Self-organisation in future mobile communications

AG Spilling, AR Nix, MA Beach, TJ Harrold

Research output: Contribution to journalArticle (Academic Journal)peer-review


The concept of self-organisation in wireless networks is introduced. The paper proposes planning and deployment cost, capacity, coverage, flexibility and future potential as the criteria by which wireless topologies and resource management strategies should be validated. It discusses numerous techniques that can be considered as self-organising and evaluates the suitability of these techniques in both macro- and microcellular environments. A standard 4-carrier GSM base station is used as the reference cellular technology. It is demonstrated that, by combining suitable techniques, a potential future capacity increase of one order of magnitude (13 times) is estimated in a microcellular environment. Substantial capacity increments can also be achieved in macrocellular networks. When the cost of both planning and deployment is considered, intelligent relaying together with environment adaptation are shown to perform well and could reduce the cost of future networks to a tenth of their current level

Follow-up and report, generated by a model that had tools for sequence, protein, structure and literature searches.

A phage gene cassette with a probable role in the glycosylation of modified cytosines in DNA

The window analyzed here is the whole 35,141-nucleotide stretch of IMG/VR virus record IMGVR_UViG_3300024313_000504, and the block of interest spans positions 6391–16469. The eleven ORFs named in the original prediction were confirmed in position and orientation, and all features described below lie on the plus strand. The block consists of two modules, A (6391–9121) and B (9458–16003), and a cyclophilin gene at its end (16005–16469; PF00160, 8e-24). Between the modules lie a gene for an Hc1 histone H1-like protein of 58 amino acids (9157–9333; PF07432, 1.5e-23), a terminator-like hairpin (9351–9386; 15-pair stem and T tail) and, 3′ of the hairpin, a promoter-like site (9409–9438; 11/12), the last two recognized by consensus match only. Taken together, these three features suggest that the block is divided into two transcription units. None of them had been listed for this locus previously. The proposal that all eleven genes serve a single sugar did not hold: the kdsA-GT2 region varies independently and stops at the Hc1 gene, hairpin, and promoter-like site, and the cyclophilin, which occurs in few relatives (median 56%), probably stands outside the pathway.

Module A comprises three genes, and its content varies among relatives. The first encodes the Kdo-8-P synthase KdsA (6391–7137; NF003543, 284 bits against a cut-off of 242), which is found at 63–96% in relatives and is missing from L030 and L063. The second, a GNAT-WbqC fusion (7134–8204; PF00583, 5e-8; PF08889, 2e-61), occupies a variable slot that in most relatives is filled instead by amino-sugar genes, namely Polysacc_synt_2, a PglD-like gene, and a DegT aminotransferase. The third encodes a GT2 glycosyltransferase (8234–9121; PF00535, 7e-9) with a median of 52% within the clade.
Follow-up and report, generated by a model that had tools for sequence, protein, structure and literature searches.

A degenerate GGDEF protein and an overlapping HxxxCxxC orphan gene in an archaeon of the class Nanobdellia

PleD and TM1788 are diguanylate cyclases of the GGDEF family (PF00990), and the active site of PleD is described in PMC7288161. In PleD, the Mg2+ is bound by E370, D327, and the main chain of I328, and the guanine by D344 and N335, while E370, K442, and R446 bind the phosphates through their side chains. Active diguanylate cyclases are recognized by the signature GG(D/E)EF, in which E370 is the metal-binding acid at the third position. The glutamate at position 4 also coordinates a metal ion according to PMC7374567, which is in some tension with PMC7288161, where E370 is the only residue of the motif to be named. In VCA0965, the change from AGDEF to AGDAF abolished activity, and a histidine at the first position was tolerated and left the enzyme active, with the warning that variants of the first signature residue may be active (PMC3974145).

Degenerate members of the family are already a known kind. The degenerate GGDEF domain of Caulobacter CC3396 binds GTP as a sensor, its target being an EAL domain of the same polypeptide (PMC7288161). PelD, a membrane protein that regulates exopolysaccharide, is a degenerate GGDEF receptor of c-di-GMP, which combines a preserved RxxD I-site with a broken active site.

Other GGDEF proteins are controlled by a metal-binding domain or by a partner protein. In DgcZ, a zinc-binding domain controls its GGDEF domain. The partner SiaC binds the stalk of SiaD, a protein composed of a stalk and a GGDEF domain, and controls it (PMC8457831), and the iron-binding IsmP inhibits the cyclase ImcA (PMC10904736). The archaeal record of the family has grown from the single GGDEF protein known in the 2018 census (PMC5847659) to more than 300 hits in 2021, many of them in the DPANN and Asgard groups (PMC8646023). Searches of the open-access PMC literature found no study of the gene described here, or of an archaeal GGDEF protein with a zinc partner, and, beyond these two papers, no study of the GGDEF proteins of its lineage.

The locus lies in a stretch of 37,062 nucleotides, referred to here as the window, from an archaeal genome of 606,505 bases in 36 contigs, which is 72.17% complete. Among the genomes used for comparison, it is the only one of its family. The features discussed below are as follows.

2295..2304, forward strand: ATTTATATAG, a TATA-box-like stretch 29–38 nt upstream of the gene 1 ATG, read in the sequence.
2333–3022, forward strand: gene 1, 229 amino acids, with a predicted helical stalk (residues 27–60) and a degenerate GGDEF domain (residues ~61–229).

Translated title of the contributionSelf-organisation in Future Mobile Communication
Original languageEnglish
Article number3
Pages (from-to)133 - 147
JournalElectronics and Communication Engineering Journal
Issue number3
Publication statusPublished - Jun 2000

Bibliographical note

Rose publication type: Journal article

Sponsorship: The work reported in this paper has been undertaken as a part of the BT Virtual University Research Initiative (VURI) project on mobility. The authors gratefully acknowledge the support from BT Labs,
Marllesham, Ipswich, and the other member universities: Birmingham University and Oxford University. They would also like to thank Dr. Mike Filton of Toshiba Research Europe UK. for his help on the evaluation of the technologies. The work on intelligent relaying was partly funded by the Virtual Centre of Excellence in Mobile and Personal Communications (Mobile VCE)


  • channel capacity
  • costing
  • microcellular radio
  • network topology


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